Olmstead goes from print to screen

Photo courtesy of owu.edu
   Photo courtesy of owu.edu

Ross Hickenbottom, Sports Editor

Ohio Wesleyan’s Robert Olmstead has teamed up with two Hollywood in-laws, Joaquin Phoenix and Casey Affleck to create a film based on his novel “Far Bright Star.”

Olmstead is an “established writer of fiction,” with four novels under his belt, short stories as well as numerous articles published in magazines and journals.

He is a New Hampshire native, who grew up on a farm and enjoyed outdoor activities like fishing. He graduated with two degrees from Syracuse University.

Before becoming the director of Ohio Wesleyan’s creative writing program, he served as a senior writer at Dickinson College in PA as well as Boise State University.

“Far Bright Star” is the first part of a series, consisting of three novels.

“There are three books, and in my mind they are a trilogy. ‘Coal Black Horse,’ ‘Far Bright Star’ and ‘The Coldest Night’ are loosely connected,” Olmstead said.

“They are about these three generations of a family and has to do with the legacy and inheritance of war.  It interests me how in some families, war passes down through them as a trade or occupation if you will,” he continued.

Professor Olmstead received his inspiration for the series from a trip he took back in 1997.

Image courtesy of amazon.com.
Image courtesy of amazon.com.

“It started back in probably ’97. I was down in Georgia hunting wild boar, and there were all of these guys I was hanging out with, and this goes back to the early 90s and these fathers, sons and grandsons were just waiting around for the next war, you know? It really got me thinking about this legacy of violence, inheritance of war,” he explained.

Olmstead feels as if it’s embedded into the American psychology that a son follows a father in a path of occupation, but making war is a “whole different story.”

The problem is, though, according to him, that in America, we don’t see ourselves as a nation of warriors, so it makes for a much more riveting and interesting topic.

Before the inspiration developed, moving Olmstead to write this certain series of novels, or anything else he has constructed, he was a kid who loved to read.

“At a very young age, novels, short stories, fiction, were very, very important to me,” he said.

“I just remember at a young age, just thinking; ‘wouldn’t it be great to do for some people, what some of these people have done for me?’ It’s like giving back, returning the favor,” Olmstead reminisced.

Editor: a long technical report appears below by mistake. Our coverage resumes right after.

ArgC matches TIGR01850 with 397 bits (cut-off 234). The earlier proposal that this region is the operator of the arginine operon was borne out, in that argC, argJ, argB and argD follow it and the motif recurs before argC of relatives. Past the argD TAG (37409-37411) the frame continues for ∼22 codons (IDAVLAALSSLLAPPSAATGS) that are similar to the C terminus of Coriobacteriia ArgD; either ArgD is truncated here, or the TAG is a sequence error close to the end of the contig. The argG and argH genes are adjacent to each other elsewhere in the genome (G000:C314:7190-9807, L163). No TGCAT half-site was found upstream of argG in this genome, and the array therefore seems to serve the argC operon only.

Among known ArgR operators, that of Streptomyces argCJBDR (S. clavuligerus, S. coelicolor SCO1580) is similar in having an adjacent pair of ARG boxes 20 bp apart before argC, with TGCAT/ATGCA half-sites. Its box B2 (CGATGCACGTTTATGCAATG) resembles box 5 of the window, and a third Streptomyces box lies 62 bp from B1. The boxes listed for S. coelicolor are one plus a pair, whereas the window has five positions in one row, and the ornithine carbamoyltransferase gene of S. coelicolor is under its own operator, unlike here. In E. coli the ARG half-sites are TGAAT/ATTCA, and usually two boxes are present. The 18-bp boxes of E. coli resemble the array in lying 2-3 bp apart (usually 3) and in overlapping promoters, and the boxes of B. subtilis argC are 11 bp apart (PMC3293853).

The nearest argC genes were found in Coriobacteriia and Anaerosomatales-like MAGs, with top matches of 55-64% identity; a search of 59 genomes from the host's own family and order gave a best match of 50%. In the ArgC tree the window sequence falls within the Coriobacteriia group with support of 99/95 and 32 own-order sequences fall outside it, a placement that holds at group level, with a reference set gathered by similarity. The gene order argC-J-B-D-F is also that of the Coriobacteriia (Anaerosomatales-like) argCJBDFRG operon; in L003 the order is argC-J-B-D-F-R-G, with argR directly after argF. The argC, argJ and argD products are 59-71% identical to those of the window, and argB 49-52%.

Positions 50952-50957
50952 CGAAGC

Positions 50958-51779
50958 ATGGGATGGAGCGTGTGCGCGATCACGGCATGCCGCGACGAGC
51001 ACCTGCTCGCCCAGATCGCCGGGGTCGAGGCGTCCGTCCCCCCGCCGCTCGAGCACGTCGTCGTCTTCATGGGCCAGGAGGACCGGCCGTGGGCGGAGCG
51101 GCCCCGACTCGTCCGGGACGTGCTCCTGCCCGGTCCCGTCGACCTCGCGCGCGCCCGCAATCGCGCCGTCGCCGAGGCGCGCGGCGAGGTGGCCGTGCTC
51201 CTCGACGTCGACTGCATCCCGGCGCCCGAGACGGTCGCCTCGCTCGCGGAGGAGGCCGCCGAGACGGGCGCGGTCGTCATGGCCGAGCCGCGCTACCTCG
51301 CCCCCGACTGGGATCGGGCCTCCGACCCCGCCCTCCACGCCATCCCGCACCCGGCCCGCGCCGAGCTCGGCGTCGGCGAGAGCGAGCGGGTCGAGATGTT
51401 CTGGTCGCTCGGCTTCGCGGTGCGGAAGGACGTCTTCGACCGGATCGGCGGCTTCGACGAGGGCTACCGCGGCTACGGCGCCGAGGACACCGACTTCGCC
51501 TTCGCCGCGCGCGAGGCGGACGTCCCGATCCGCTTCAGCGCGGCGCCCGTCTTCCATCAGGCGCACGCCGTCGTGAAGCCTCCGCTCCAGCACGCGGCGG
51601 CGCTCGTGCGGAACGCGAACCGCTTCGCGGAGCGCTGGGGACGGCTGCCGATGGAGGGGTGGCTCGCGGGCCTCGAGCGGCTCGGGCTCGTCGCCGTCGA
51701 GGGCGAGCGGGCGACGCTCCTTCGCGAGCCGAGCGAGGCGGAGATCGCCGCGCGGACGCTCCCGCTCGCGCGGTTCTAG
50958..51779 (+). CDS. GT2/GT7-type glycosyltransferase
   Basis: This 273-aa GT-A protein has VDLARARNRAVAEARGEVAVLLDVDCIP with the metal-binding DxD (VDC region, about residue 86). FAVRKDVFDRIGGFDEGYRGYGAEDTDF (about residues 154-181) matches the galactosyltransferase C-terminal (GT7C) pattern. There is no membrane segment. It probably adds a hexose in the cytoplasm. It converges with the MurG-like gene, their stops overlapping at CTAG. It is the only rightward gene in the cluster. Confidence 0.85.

The story involves the visit of an aging cavalryman who leads a group of young men on a hunt for Pancho Villa. It takes place in 1916 and captured the attention of director Casey Affleck.

Affleck, who directed “I’m Still Here” and “The Book of Charles,” and acted in “Manchester by the Sea,” “Interstellar” and “Gone Baby Gone,” is the younger brother of Ben Affleck.  He described it as a “beautifully written story on pain and loss in the drive and resilience one finds within themselves to continue through the day.”

Affleck, in the midst of starting a new production company, approached Olmstead in 2014 and gave him an offer he couldn’t refuse.  Contracts were signed in November 2014, the screenwriter finished his sample and just this past October, Olmstead received the screenplay.  

“It blew me away,” he said. “It was extremely powerful.”

It was announced that Joaquin Phoenix, known for his roles in “Gladiator” and “Walk the Line,” would play the lead role in November 2015.

Olmstead admitted that it was a strange coincidence, having Joaquin Phoenix star in his production because he starred in one of Olmstead’s colleague’s films, “Buffalo Soldiers.”

Olmstead looks forward to the release of “Far Bright Star,” and the positive impact the publicity will have on OWU, which has already started.

Chris Mondon, OWU graduate, is familiar with Olmstead’s work, and “can’t wait for the movie to be released.”

“I love Joaquin Phoenix and this whole storyline,” he said.

The production process is still in action, and release information will be communicated within the year.